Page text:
Docket No. 110986.
I. Bernard Halpern, Esq., for the petitioner. James A. Taylor, Esq., for the respondent.
Moneys advanced by petitioner to a corporation in 1938 and early 1939 constituted a capital investment in and not a loan to that corporation. Since this investment became worthless in the tax year the loss thus sustained is a capital loss, the deductibility of which is limited by section 23(g)(1) and (2) of the Revenue Act of 1938. I. Bernard Halpern, Esq., for the petitioner. James A. Taylor, Esq., for the respondent.
Respondent determined a deficiency in income tax against petitioner for the calendar year 1939 in the amount of $2,160.81. The deficiency resulted from respondent's disallowance of a deduction of $18,661.90 as a bad debt that had been so ascertained in the taxable year.
FINDINGS OF FACT.
Petitioner is a resident of New York City and filed his income tax return for 1939 with the collector of internal revenue for the second district of the State of New York. In that return petitioner gave his principal business as that of ‘organizer.‘
In February 1938 petitioner met one H. W. McCulloch, who claimed to own a patented car wash formula. He interested petitioner in proving the efficacy of this car wash and in manufacturing and marketing it. For this purpose they agreed that a corporation should be organized to develop, manufacture, and distribute the product. It was agreed that petitioner should furnish the finances, and that petitioner and McCulloch would divide the stock to be issued by the company equally between them.
On April 23, 1938, the Pylac Products Co. (hereinafter called Pylac), a New Jersey corporation, was formed with 10,000 shares of no par value common stock. The directors of this corporation were McCulloch, petitioner, and one Burton, who was a friend of McCulloch's. None but qualifying share to the directors were ever issued. McCulloch was president. Petitioner was secretary and treasurer until about January 31, 1939.
Between February 16 and July 1, 1938, petitioner furnished to Pylac directly or through McCulloch the sum of $7,320 for the purposes above indicated. From July 1 to December 31, 1938, petitioner similarly furnished that company the further sum of $11,041.90, and on January 3, 1939, the further sum of $300.
At the request of petitioner, Pylac on December 21, 1938, passed the following resolution:
Be it resolved that all expenditures and obligations of the corporation be approved by the Treasurer effective with this meeting and the President and Vice-President agree not to further obligate the Corporation without the approval of the Treasurer.
Resolved that the Directors recognize and the Corporation assumes obligation for the funds advanced by Mr. Joseph B. Thomas, as shown by Book Account as of this date which funds totalled $17,786.90 as of November 30, 1938.
It is also resolved that any further funds advanced by Mr. Joseph B. Thomas subsequent to November 30, 1938 be recognized and the obligation therefor assumed.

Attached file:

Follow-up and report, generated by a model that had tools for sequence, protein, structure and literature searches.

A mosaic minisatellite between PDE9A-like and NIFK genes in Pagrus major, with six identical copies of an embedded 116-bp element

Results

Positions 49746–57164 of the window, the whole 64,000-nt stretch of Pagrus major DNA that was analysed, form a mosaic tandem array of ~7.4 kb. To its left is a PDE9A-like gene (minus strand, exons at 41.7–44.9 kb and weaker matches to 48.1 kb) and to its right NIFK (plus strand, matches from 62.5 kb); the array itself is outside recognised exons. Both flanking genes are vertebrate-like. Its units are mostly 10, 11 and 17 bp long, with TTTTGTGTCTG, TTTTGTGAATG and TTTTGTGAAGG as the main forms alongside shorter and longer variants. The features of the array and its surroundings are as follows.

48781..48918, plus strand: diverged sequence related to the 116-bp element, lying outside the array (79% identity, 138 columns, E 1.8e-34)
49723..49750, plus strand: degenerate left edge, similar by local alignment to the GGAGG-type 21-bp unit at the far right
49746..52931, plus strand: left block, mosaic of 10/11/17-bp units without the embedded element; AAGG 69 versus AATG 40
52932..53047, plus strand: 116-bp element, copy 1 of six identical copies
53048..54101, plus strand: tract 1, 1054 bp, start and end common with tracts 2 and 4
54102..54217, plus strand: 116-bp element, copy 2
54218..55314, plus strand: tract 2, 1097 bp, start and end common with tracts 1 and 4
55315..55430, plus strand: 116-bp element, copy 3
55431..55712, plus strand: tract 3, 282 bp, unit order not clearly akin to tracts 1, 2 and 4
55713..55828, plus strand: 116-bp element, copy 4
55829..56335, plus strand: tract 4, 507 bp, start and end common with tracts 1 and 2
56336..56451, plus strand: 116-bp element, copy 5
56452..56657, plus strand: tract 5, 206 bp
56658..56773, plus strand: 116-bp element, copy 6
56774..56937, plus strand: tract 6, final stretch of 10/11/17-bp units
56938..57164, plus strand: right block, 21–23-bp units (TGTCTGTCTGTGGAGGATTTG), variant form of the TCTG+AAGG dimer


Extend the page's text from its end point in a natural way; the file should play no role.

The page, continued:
Petitioner was not in the business of loaning money. He never received any notes of Pylac. There was no date fixed for repayment of the money furnished, no obligation to pay interest.
From time to time petitioner received from the bookkeeper of Pylac statements of that company, including purported balance sheets which showed the total amounts furnished by petitioner as of the dates of the respective statements as a liability of the company along with accounts payable. The bookkeeper was employed by McCulloch and was not under petitioner's control.
On January 31, 1939, petitioner resigned as an officer and director of Pylac upon learning that McCulloch was untrustworthy and dishonest. Thereafter and before May of that year petitioner, personally and through his attorney, negotiated with Pylac, through McCulloch, its president, for a settlement of Pylac's ‘obligation.‘ These negotiations were not consummated and on May 3 petitioner instituted suit in New Jersey against Pylac to recover the above amounts. In this suit petitioner alleged that the money had been loaned to Pylac. In its answer Pylac denied that they were loans. Petitioner did not prosecute the case to judgment. During the period following petitioner's resignation as an officer and director of Pylac, that company continued to do business, but its condition grew progressively worse. In the fall of 1939 it became unable to pay the salaries of its employees and its rent, and was then finally dispossessed of its premises by the landlord.
Petitioner never received any repayment of the amounts furnished McCulloch and Pylac. In his income tax return for the calendar year 1939 petitioner deducted the entire amount of the moneys furnished to McCulloch and Pylac, to wit, the aggregate amount of $18,661.90, as a bad debt which petitioner ascertained to have become worthless in that year. Respondent disallowed the deduction in his notice of deficiency with this comment: